During my recent short stay in Los Angeles, this Brentwood neighborhood was my haunt, the route of my morning walk. Not bad, huh? Especially in mid-February to this Easterner. Blooming were daffodils, azaleas, roses, daylilies, and all manner of tropical and desert plants I couldn’t identify. Do any of these bloom again, say at the time they’re supposed to bloom? (Pardon my ignorance.)
But what really surprised me was the preponderance of the faux-Eastern green look with its thirsty plants. The entire community is dotted with little irrigation nozzles; I mean they’re everywhere, including the right of way. GOTTA have bright green turf between the asphalt and the concrete, apparently. So despite the persistent drumbeat for xeriscaping we’re seeing in the media, it looks like the message hasn’t reached the homeowners. Desert-dwellers whose water has to be pumped from hundreds of miles away. What will it take to convert them?
And what’s being done about this? From the EPA: "The Los Angeles Department of Water and Power has implemented a comprehensive water efficiency plan to address water use by individual households, businesses, and industries. To limit outdoor water use, L.A. offers a landscape water management program, a water conservation garden contest, an annual spring garden exposition, demonstration gardens, weather network stations, a residential irrigation pilot program, a large-turf water curtailment program, xeriscape requirements for new construction, and production and distribution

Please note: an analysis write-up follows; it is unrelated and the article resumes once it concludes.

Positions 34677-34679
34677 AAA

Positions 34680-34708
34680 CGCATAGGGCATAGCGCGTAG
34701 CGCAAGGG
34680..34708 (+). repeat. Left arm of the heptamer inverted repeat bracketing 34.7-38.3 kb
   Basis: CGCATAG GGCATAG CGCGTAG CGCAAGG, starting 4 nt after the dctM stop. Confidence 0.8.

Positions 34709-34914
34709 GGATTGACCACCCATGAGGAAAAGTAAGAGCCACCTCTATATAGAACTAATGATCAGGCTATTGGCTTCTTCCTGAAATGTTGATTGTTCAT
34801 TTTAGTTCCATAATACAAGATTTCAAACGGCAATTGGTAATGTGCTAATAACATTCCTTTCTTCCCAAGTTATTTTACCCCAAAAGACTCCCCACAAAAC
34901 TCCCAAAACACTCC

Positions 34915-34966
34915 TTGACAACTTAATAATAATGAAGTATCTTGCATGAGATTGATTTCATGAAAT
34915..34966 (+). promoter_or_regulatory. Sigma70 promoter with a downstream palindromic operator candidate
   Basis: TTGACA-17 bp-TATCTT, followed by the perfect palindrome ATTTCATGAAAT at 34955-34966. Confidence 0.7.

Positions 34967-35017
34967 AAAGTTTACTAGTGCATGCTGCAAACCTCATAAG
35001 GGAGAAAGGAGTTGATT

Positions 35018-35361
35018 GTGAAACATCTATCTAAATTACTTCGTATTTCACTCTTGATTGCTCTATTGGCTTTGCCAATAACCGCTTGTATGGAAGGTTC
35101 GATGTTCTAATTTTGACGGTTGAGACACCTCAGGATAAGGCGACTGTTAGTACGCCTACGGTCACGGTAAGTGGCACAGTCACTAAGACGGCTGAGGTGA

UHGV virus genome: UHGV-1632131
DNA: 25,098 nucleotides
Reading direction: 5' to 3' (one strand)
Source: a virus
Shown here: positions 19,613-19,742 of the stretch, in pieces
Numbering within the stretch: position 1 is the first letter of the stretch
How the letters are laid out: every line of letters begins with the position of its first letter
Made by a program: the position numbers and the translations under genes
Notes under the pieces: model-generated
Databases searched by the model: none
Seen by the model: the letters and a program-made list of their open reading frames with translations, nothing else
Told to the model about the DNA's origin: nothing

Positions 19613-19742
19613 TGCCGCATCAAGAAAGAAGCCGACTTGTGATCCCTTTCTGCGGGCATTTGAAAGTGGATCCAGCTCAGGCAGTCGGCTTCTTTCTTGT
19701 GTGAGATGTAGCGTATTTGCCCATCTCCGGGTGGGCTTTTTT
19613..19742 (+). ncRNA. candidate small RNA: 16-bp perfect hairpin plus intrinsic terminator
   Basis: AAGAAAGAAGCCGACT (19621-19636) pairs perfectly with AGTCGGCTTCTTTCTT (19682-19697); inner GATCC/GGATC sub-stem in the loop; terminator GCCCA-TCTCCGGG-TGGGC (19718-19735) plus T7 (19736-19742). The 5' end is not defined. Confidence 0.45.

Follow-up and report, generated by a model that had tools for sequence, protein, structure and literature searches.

watering guides." With global warming increasing drought conditions in the area, maybe it’s time for a small-turf water curtailment program.
By contrast, in flipping through the December ’06 issue of Los Angeles Magazine I found a feature called "The Influentials," and who should be included but a garden designer! Yeah, amazing. Grouped with other "Aesthetics," (e.g., an architect, a preservationst) is Nancy Goslee Power, who designed the LA County Arboretum and Botanical Garden. She specializes in creating outdoor rooms (who doesn’t? But there’s more…) using "indigenous and drought-tolerant plants." And the magazine gave her "bonus points" for a "pro bono job transforming an elementary school’s asphalt lot into a teaching garden modeled after food guru Alice Water’s own garden. Very cool. (Here’s her site but don’t bother visiting; it’s the least functional site yet in my continuing survey of garden designer sites. Try navigating between pages – no can do.)
The very same Nancy Goslee Power was mentioned by an astute commenter to my recent post about Disney Hall, suggesting she should have been chosen as its landscape designer. Agreed! She might have selected from her native-and-drought-tolerant plant palette to create some Mediterranean-style drama around this amazing building, a far better choice than the forgettable plantings you see there today. And she might have taught Angelenos a thing or two about sustainable gardening.Posted by Susan Harris on March 8, 2007 at 5:20 am, in the category Real Gardens.